"Penalties for felonies and misdemeanors. (1) A person who has been convicted of a capital felony shall be punished by death unless the verdict includes a recommendation to mercy by a majority of the jury, in which case the punishment shall be life imprisonment. A defendant found guilty by the court of a capital felony on a plea of guilty or when a jury is waived shall be sentenced to death or life imprisonment, and (sic ) the discretion of the court." Fla.Stat.Ann. 775.082 (1971).

4

The constitutionality of this statute has been upheld by the Florida Supreme Court, State v. Dixon, 283 So.2d 1 (1973), and by this Court, Proffitt v. Florida, 428 U.S. 242, 96 S.Ct. 2960, 49 L.Ed.2d 913 (1976).

5

The full text of revised 921.141 (Supp.1976-1977) is as follows:

"921.141 Sentence of death or life imprisonment for capital felonies; further proceedings to determine sentence

"(1) Separate proceedings on issue of penalty. Upon conviction or adjudication of guilt of a defendant of a capital felony, the court shall conduct a separate sentencing proceeding to determine whether the defendant should be sentenced to death or life imprisonment as authorized by 775.082. The proceeding shall be conducted by the trial judge before the trial jury as soon as practicable. If, through impossibility or inability, the trial jury is unable to reconvene for a hearing on the issue of penalty, having determined the guilt of the accused, the trial judge may summon a special juror or jurors as provided in Chapter 913 to determine the issue of the imposition of the penalty. If the trial jury has been waived, or if the defendant pleaded guilty, the sentencing proceeding shall be conducted before a jury impaneled for that purpose, unless waived by the defendant. In the proceeding, evidence may be presented as to any matter that the court deems relevant to sentence, and shall include matters relating to any of the aggravating or mitigating circumstances enumerated in subsections (6) and (7). Any such evidence which the court deems to have probative value may be received, regardless of its admissibility under the exclusionary rules of evidence, provided the defendant is accorded a fair opportunity to rebut any hearsay statements. However, this subsection shall not be construed to authorize the introduction of any evidence secured in violation of the constitutions of the United States or of the State of Florida. The state and the defendant or his counsel shall be permitted to present argument for or against sentence of death.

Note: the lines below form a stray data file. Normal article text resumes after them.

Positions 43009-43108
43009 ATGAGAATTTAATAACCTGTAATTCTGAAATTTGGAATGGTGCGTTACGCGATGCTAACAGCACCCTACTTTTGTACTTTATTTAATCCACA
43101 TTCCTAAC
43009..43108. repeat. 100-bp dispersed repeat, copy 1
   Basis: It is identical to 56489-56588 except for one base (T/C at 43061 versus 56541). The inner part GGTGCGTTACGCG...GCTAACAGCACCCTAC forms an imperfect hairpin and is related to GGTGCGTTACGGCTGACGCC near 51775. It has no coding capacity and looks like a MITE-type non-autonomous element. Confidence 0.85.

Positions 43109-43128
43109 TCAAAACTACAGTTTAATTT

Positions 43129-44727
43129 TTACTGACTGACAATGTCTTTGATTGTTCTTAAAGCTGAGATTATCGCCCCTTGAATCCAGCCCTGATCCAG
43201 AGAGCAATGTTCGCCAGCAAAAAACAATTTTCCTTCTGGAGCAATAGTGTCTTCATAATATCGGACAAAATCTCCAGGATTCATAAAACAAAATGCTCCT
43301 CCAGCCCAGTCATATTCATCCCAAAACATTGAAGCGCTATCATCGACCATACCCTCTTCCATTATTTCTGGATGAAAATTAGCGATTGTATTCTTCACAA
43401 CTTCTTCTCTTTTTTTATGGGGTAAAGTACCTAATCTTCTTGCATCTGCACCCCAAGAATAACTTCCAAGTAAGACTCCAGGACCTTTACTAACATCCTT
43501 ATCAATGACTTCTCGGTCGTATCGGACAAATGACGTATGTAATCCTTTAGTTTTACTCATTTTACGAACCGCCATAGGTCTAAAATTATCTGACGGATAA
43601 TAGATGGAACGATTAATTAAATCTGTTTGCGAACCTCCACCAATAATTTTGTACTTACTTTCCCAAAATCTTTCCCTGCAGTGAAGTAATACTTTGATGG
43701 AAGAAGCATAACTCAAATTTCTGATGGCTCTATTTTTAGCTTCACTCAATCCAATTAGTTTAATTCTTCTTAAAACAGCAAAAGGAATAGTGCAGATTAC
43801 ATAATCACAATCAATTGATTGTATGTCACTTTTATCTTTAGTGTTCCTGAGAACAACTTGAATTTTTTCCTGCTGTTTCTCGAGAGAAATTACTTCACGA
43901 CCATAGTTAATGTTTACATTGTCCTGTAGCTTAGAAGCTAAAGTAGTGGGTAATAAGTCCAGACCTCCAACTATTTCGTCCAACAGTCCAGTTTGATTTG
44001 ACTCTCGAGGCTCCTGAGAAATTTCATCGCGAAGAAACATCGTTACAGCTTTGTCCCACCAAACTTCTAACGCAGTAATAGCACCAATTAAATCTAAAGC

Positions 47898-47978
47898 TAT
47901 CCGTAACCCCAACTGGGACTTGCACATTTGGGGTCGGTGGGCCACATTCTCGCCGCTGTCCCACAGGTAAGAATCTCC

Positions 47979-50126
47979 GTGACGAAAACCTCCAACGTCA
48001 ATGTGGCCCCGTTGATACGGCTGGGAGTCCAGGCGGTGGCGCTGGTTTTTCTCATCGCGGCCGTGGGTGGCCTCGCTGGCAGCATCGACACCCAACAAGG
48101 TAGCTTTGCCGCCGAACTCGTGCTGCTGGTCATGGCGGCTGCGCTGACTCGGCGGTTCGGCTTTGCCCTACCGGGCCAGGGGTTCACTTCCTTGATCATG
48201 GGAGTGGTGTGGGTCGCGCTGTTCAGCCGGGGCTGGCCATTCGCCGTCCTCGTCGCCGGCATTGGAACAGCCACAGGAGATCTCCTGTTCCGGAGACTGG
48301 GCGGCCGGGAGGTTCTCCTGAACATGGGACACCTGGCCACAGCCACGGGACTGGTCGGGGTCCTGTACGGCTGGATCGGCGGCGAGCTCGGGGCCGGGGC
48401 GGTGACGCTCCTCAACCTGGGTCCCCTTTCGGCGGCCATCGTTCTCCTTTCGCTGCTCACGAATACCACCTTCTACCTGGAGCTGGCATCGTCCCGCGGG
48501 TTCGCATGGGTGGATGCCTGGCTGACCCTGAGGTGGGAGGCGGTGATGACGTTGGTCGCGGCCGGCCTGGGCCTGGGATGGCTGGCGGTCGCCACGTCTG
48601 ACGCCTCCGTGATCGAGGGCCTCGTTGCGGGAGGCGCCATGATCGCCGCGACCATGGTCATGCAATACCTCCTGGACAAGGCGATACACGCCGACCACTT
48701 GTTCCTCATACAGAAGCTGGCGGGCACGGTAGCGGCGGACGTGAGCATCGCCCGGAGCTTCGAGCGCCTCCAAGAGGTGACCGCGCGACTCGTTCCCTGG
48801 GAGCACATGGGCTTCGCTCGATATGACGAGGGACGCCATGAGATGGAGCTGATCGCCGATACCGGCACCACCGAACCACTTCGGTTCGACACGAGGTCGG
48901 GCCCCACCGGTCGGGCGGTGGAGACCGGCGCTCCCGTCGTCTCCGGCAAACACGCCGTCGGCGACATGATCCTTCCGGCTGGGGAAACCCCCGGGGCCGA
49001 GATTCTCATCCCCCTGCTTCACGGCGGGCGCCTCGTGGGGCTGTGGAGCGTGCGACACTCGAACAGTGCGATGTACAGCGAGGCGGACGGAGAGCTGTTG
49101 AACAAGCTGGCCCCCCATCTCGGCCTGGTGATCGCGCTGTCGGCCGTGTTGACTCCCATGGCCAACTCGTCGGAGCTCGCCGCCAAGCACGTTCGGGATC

"(2) Advisory sentence by the jury. After hearing all the evidence, the jury shall deliberate and render an advisory sentence to the court, based upon the following matters:

"(a) Whether sufficient aggravating circumstances exist as enumerated in subsection (6);

"(b) Whether sufficient mitigating circumstances exist as enumerated in

subsection (7), which outweigh the aggravating circumstances found to exist; and

"(c) Based on these considerations, whether the defendant should be sentenced to life (imprisonment) or death.

"(3) Findings in support of sentence of death. Notwithstanding the recommendation of a majority of the jury, the court after weighing the aggravating and mitigating circumstances shall enter a sentence of life imprisonment or death, but if the court imposes a sentence of death, it shall set forth in writing its findings upon which the sentence of death is based as to the facts:

"(a) That sufficient aggravating circumstances exist as enumerated in subsection (6), and

"(b) That there are insufficient mitigating circumstances, as enumerated in subsection (7), to outweigh the aggravating circumstances.

"In each case in which the court imposes the death sentence, the determination of the court shall be supported by specific written findings of fact based upon the circumstances in subsections (6) and (7) and upon the records of the trial and the sentencing proceedings. If the court does not make the findings requiring the death sentence, the court shall impose sentence of life imprisonment in accordance with section 775.082.